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Iclusig gets FDA nod as frontline therapy for rare leukaemia

Takeda’s Iclusig has become the first targeted therapy approved by the FDA for use alongside chemotherapy as a first-line therapy for a rare form of acute lymphoblastic leukaemia (ALL).

The US regulator has cleared Iclusig (ponatinib) with reduced-intensity chemo for adult patients with newly diagnosed Philadelphia chromosome-positive ALL (Ph+ ALL), a fast-progressing blood cancer that makes up around a quarter of adult ALL cases.

It occurs when pieces of chromosomes 9 and 22 switch with each other to form abnormal structures and the development of the BCR-ABL1 kinase, which is targeted by Iclusig.

The accelerated approval draws on data from the PhALLCON trial, which compared Iclusig to imatinib – sold by Novartis as Glivec/Gleevec, but also available as a generic – and showed that Takeda’s drug was more effective at achieving a minimal residual disease-negative complete remission (MRD-negative CR). Imatinib is not approved for use with chemo in this patient group but is used off-label.

The MRD-negative CR rate at the end of induction was 30% in the Iclusig arm and 12% with imatinib, with comparable safety, according to the FDA. Takeda’s drug is also the first therapy to be approved using MRD-negative CR as a primary endpoint.

Takeda acquired the third-generation tyrosine kinase inhibitor (TKI) as part of its $5.2 billion takeover of Ariad Pharma in 2017, part of a push into oncology by the Japanese pharma group under long-serving chief executive Christophe Weber. It is sold by Takeda in the US, recording sales of JPY 41.5 billion ($273 million) in the first nine months of 2023, with European rights held by Incyte and Angelini.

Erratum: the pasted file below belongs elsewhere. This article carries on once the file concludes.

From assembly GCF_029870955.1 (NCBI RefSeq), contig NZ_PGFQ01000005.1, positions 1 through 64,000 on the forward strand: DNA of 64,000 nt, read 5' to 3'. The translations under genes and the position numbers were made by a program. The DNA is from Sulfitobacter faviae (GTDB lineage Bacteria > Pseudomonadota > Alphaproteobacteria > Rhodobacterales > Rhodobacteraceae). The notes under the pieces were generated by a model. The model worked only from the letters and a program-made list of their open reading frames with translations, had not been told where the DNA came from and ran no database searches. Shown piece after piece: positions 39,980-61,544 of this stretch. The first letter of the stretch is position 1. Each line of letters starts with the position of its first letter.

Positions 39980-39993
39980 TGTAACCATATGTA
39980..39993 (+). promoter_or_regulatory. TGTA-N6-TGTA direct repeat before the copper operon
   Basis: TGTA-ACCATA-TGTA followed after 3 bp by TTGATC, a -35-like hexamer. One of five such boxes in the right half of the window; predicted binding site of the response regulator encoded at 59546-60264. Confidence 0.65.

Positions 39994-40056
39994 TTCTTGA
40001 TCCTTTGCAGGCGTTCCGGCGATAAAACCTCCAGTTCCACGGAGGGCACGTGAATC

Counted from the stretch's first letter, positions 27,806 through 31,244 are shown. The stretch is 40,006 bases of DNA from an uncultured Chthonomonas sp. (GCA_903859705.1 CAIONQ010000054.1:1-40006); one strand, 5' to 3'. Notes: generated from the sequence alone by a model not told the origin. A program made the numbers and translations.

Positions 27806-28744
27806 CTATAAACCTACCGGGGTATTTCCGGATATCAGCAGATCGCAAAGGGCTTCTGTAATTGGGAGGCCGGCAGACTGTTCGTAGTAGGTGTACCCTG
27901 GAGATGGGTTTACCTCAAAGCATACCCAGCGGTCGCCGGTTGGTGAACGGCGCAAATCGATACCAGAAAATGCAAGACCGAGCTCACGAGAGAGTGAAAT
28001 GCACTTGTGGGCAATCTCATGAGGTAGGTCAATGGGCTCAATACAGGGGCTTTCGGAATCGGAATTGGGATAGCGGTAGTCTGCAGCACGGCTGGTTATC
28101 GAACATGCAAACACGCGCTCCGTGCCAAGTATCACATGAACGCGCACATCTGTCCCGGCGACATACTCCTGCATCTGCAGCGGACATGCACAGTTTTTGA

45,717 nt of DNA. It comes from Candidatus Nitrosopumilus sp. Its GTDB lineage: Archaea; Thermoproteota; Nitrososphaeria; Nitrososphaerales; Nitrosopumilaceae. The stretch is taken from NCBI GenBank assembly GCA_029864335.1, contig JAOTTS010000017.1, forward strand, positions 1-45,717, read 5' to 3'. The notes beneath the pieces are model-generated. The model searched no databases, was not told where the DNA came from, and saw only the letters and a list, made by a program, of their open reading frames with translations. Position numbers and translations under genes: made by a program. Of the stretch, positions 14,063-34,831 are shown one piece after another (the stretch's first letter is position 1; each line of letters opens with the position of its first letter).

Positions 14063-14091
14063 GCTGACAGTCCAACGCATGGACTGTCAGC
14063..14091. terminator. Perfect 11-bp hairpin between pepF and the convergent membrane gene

The drug is already approved by the FDA for chronic-phase chronic myeloid leukaemia (CML) who have failed treatment with at least two prior kinase inhibitors, accelerated-phase or blast-phase CML or Ph+ ALL in patients without any kinase inhibitor options, and CML and Ph+ ALL with the T315I resistance mutation.

“This label expansion for Iclusig is an incredibly exciting milestone,” said Awny Farajallah, chief medical officer of oncology at Takeda, who added: “We are thrilled that the FDA has recognised the potential of Iclusig to fill a large gap in care for these patients and look forward to seeing the impact this can have on people with this rare and aggressive form of cancer.”

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